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By fan request, a look at Jarran Reed next to the Pro Bowl DTs

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Minnesota Vikings v Seattle Seahawks Photo by Abbie Parr/Getty Images

Wednesday I took a look at the 2018 on field production of Frank Clark compared to the defensive ends that made the Pro Bowl for the NFC squad, and in both the comments and on social media fans asked for a similar comparison for Seattle Seahawks third year defensive tackle Jarran Reed.

So, without having to lay too much groundwork, I’ll simply take a look at the same production numbers that I looked at for Clark. Jumping right into it, here are the first set of numbers for the defensive tackles who made the Pro Bowl roster, Aaron Donald, Fletcher Cox and Akiem Hicks, over Reed.

Jarran Reed compared to 2018 NFC Pro Bowl DTs

Player Sacks QB Hits Total Pressure Snaps Played
Player Sacks QB Hits Total Pressure Snaps Played
Jarran Reed 8.5 21 44 696
Aaron Donald 16.5 34 89 812
Fletcher Cox 7.5 29 83 749
Akiem Hicks 6 14 43 705

So, he’s obviously at least in the conversation with Hicks, but nowhere even close to being in the same discussion as Donald or Cox. The next step is obviously to take a look at the impact of these players in the run game. Turning to the same stats we looked at for defensive ends, here is a look at how Reed stacks up next to the Pro Bowlers.

Jarran Reed compared to the 2018 Pro Bowl defensive tackles against the run

Player Tackles TFL Snaps Played
Player Tackles TFL Snaps Played
Jarran Reed 44 10 643
Aaron Donald 48 20 781
Fletcher Cox 41 9 661
Akiem Hicks 51 11 756

So, we once again see that Donald is simply from another planet, presumably having fallen from space and landed in a small town in Kansas when he was a young child. From there, Reed, Hicks and Cox have numbers that are not dissimilar, and an argument can certainly be made that Reed was as deserving of a Pro Bowl spot as Hicks.

However, Hicks had two big things going for him. For starters, while I am not a huge fan of PFF’s grades for most positions, their advanced metrics are phenomenal, and Hicks is absolutely dominant in the run game. When Hicks is on the field and the opposing offense calls a running play, the odds are very good that Hicks will be involved in making the stop. In fact, Hicks is the number one defensive tackle in the entire NFL in this metric, and it’s not even close. While Reed’s numbers this season have him ninth in this category, the difference between Hicks at number 1 and Reed at number 9 is the same difference between Reed at 9 and Denico Autry in 43rd place.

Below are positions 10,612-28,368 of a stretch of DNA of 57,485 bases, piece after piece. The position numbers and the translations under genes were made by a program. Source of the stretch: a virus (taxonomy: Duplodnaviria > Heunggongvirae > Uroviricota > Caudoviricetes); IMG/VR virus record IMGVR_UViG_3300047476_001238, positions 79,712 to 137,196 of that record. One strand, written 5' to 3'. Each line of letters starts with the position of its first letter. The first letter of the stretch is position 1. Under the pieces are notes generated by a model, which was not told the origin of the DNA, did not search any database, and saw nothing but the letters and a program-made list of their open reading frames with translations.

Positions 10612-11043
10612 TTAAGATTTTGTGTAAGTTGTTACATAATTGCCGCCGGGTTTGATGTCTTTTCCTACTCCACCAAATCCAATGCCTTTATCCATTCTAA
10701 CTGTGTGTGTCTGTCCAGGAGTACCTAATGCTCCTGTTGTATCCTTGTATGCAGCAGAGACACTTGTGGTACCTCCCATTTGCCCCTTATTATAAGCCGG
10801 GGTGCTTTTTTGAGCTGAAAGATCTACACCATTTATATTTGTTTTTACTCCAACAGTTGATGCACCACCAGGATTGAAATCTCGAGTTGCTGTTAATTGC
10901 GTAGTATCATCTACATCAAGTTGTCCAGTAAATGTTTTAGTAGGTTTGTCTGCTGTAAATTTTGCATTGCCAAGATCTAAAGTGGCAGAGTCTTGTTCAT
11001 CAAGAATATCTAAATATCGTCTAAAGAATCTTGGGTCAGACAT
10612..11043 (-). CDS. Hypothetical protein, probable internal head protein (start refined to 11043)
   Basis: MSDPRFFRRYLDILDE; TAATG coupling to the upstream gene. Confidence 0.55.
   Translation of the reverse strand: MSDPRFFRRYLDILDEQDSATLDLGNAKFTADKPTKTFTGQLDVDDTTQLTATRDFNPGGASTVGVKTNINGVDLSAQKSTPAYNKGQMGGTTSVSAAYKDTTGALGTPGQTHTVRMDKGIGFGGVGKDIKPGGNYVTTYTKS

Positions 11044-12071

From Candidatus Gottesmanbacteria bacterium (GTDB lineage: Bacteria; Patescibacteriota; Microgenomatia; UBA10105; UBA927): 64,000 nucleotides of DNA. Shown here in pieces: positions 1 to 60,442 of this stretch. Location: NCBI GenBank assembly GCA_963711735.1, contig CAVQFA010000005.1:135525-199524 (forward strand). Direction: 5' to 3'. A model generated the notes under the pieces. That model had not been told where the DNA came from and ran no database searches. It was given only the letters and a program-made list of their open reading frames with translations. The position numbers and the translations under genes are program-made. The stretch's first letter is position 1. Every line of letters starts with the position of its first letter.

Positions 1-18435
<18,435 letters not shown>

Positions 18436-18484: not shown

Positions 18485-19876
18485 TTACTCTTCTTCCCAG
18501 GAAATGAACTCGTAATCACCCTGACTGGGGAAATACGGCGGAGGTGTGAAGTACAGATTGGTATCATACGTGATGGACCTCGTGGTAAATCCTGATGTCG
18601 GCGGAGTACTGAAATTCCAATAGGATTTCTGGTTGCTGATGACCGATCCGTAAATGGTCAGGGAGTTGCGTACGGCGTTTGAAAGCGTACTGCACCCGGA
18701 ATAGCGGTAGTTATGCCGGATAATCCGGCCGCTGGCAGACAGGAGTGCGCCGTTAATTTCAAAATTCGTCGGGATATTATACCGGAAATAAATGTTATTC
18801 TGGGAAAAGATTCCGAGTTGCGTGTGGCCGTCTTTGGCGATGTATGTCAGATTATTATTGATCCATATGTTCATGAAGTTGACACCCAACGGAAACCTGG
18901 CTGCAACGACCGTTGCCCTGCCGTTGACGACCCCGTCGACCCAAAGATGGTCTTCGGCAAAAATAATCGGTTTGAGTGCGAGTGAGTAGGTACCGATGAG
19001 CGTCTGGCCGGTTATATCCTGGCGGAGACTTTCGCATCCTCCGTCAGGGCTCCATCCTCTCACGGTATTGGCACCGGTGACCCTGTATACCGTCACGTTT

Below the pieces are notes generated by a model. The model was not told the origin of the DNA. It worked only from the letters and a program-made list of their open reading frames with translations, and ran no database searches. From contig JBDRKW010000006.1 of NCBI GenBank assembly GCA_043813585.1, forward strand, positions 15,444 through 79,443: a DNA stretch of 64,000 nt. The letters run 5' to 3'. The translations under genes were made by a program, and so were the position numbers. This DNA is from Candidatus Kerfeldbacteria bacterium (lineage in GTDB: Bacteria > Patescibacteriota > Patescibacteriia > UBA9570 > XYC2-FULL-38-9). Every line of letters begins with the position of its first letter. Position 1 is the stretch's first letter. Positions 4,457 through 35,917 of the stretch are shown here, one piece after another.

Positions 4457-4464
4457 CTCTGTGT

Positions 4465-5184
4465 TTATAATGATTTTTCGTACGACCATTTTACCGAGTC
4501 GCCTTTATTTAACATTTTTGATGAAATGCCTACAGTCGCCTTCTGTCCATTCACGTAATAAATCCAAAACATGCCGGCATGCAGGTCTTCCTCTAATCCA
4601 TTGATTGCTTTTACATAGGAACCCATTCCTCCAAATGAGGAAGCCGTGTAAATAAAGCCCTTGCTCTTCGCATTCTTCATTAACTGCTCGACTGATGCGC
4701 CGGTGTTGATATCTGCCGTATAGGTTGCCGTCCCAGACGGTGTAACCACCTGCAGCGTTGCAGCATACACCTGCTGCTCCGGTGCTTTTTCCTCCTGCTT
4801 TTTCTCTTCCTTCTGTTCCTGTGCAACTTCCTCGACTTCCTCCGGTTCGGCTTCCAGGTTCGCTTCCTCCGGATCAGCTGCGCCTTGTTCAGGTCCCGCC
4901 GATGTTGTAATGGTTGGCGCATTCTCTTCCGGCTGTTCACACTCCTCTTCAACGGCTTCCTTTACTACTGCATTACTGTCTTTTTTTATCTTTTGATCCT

In fact, Reed could make the stop on 30% more running plays than he currently does and he’d still be in second place in this metric behind Hicks. In short, Hicks has been an absolute monster against the run in 2018.

Further, as a member of the Chicago Bears defense that is stopping every offense that it meets this season, Hicks has had his stock increased by the fact that he plays for a strong defense. How impactful is the fact that Hicks plays for the number one defense in the NFL? Well, here’s a tweet from the Bears official Twitter account showing the members of the team that made the Pro Bowl this season.

For those who don’t recognize those five players just by their last name, they are

  • Return Specialist Tarik Cohen
  • Cornerback Kyle Fuller
  • Defensive tackle Akiem Hicks
  • Free Safety Eddie Jackson and
  • Linebacker Khalil Mack

That is, simply put, four of Chicago’s eleven defensive starters and their returner, which is the result of a rising tide lifting all boats. The Bears have fielded a phenomenal defense this season, a defense that is third in the NFL in points allowed, first in generating turnovers and the top overall defense by DVOA. Basically, he’s part of the best defense in the NFL this season so he gets the benefit of the doubt, while Seattle has the number 19 defense by DVOA, which didn’t help Reed’s case.

So, for those who may take offense at the omission of Reed from the NFC Pro Bowl roster, it’s probably best to take it up with Pete Carroll and Ken Norton.